The last couple of years have brought us some remarkable debuts in the genres of literary rural gothic/noir. These most notably have been Peter Farris (LAST CALL FOR THE LIVING) in 2012, and Wiley Cash (A LAND MORE KIND THAN HOME) and Paul Lynch (RED SKY IN MORNING) in 2013. 2014 has barely started, yet we have a debut author and a work that certainly demonstrates the impressive chops to make readers of all literary genres sit up and take notice. That would be James Scott and THE KEPT; the prose, characters and plot will echo in your mind from first page to last, and beyond.
"Scott’s darkly poetic prose chills and compels, propelling the reader into a maelstrom that has the ring of truth filtered through a fever dream as Elspeth follows a course of revenge with Caleb eagerly in her wake, even as he learns that everything he has known and believed about himself has been wrong."
We meet Elspeth Howell in the winter of 1897 as she traverses cold and snowy miles across upstate New York. Her goal is an isolated, all-but-hidden farmhouse where she and her husband, Jorah, live with their five children. What she discovers at journey’s end is a house of horror, with all but one member of her family slaughtered. This unrelentingly grim vignette sets the tone of the book. Scott keeps the reader focused on Elspeth’s loss. She, at times, is permitted to look away as she walks among the bodies of those she loves; the reader is afforded no such luxury. The sole survivor of the massacre is 12-year-old Caleb. It is from his viewpoint that the tragedy is recorded, even as he is almost responsible for causing another. This knowledge, however, is not the sole revelation in the early goings.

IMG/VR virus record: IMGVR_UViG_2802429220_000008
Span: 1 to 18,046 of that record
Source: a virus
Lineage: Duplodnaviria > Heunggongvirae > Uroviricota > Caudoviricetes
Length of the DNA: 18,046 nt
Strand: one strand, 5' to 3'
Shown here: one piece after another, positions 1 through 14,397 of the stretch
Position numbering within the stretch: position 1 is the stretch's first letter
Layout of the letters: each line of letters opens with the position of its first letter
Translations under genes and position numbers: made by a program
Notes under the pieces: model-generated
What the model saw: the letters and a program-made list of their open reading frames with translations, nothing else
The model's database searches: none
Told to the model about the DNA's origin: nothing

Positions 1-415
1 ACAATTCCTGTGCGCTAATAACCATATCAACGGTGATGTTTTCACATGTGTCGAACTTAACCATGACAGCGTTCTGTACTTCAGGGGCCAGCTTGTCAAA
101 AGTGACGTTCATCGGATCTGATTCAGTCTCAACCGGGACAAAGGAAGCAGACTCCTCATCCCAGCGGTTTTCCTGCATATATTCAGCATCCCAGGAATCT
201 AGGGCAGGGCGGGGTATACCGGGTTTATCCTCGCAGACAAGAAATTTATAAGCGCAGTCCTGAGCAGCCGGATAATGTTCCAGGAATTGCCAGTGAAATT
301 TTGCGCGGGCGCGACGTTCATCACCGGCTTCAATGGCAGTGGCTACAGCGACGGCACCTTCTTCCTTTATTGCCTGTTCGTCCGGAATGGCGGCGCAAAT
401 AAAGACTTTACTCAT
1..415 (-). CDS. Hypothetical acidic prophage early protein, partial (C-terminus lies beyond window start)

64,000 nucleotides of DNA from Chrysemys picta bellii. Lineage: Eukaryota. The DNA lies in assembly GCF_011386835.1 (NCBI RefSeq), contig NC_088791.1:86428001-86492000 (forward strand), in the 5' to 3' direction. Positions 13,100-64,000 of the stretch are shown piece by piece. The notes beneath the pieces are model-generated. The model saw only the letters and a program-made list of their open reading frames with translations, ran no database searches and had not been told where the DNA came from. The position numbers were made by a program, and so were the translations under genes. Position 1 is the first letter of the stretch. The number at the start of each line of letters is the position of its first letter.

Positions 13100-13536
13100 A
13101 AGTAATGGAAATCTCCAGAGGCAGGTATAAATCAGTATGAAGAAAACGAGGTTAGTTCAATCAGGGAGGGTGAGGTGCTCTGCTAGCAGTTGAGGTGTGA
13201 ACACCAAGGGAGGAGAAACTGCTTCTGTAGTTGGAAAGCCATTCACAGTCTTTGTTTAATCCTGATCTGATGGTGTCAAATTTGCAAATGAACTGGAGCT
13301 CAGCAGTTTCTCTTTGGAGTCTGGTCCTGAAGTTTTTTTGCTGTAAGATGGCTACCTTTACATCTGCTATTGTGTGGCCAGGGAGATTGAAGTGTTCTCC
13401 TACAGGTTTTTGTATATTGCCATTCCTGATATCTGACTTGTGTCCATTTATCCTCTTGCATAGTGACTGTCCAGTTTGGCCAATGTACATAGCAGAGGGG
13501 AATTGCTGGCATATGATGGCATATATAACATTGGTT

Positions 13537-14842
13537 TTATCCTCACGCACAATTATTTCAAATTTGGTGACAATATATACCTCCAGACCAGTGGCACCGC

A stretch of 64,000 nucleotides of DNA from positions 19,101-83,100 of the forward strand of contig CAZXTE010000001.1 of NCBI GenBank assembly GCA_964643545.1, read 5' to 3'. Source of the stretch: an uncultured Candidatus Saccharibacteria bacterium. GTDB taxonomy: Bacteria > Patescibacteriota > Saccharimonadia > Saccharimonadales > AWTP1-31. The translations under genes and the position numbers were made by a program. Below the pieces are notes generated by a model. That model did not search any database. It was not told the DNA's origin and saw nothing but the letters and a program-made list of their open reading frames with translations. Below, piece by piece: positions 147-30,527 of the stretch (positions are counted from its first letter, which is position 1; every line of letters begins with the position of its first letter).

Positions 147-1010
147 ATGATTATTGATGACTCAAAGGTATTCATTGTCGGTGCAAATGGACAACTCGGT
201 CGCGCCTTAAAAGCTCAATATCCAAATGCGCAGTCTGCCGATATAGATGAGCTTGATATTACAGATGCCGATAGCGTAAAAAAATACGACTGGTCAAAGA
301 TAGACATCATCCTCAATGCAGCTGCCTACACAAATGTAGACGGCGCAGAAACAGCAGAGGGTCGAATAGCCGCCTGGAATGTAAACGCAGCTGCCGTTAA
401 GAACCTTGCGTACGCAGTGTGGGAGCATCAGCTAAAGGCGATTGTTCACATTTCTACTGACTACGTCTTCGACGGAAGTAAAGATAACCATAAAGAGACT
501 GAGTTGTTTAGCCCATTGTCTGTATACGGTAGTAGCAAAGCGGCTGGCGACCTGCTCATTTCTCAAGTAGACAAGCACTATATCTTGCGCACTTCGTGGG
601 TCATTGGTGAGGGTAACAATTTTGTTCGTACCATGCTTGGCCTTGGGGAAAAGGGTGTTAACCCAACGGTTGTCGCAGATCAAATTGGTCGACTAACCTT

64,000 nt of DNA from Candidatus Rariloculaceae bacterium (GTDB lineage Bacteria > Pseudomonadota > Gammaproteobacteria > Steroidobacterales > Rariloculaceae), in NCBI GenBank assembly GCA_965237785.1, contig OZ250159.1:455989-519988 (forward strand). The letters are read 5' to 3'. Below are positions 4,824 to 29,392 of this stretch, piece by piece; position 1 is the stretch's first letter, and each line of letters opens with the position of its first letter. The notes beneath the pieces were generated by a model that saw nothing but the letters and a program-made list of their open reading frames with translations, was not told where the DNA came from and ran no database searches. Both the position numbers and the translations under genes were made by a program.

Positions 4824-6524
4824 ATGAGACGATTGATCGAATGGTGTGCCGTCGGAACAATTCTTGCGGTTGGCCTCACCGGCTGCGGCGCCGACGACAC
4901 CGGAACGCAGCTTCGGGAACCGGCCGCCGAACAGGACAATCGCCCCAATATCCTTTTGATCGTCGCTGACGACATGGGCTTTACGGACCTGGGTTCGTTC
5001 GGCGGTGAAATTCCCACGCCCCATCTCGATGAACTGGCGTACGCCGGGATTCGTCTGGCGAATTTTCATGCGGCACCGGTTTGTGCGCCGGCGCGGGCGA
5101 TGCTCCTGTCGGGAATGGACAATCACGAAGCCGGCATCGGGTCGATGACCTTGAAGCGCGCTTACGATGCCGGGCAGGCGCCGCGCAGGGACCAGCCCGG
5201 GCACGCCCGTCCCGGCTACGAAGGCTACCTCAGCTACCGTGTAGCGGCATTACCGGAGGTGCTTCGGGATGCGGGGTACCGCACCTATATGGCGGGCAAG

It is (almost) immediately obvious that something is not right with Elspeth and Caleb, and that perhaps Elspeth’s peculiarities and actions in the past have provided the somewhat delayed catalyst for what has occurred. The two surviving members of the Howell family vow revenge and begin a difficult and worrisome trek that ultimately takes them to the small town of Watersbridge, a bit of the wild west in the upstate, as it were. The town holds memories and terrible danger for Elspeth, who has a remote history there, one that involves Caleb in his infancy. It is in Watersbridge that the full depth of Elspeth’s transgressions is revealed, as is the rough irony with which the slaughter of her family is shot through.
Scott’s darkly poetic prose chills and compels, propelling the reader into a maelstrom that has the ring of truth filtered through a fever dream as Elspeth follows a course of revenge with Caleb eagerly in her wake, even as he learns that everything he has known and believed about himself has been wrong. By book’s end, Elspeth and Caleb have achieved a measure of success in their quest, but at what cost? The conclusion may surprise you, but it is preordained in many ways.
Different sections of the book put me in the mind, atmospherically, of a number of modern classic works, from THE ROAD by Cormac McCarthy to Tobe Hooper’s The Texas Chainsaw Massacre (the original). Please note: this novel is nothing like those titles. Scott has his own style that utilizes neither the verbosity of the former work nor the dark humor of the latter, instead relying on a grim but realistic world vision where sins wait for decades to be punished and forgiveness is an alien concept. Read THE KEPT and be prepared to add James Scott to your “must read” list of authors.
Reviewed by Joe Hartlaub on January 31, 2014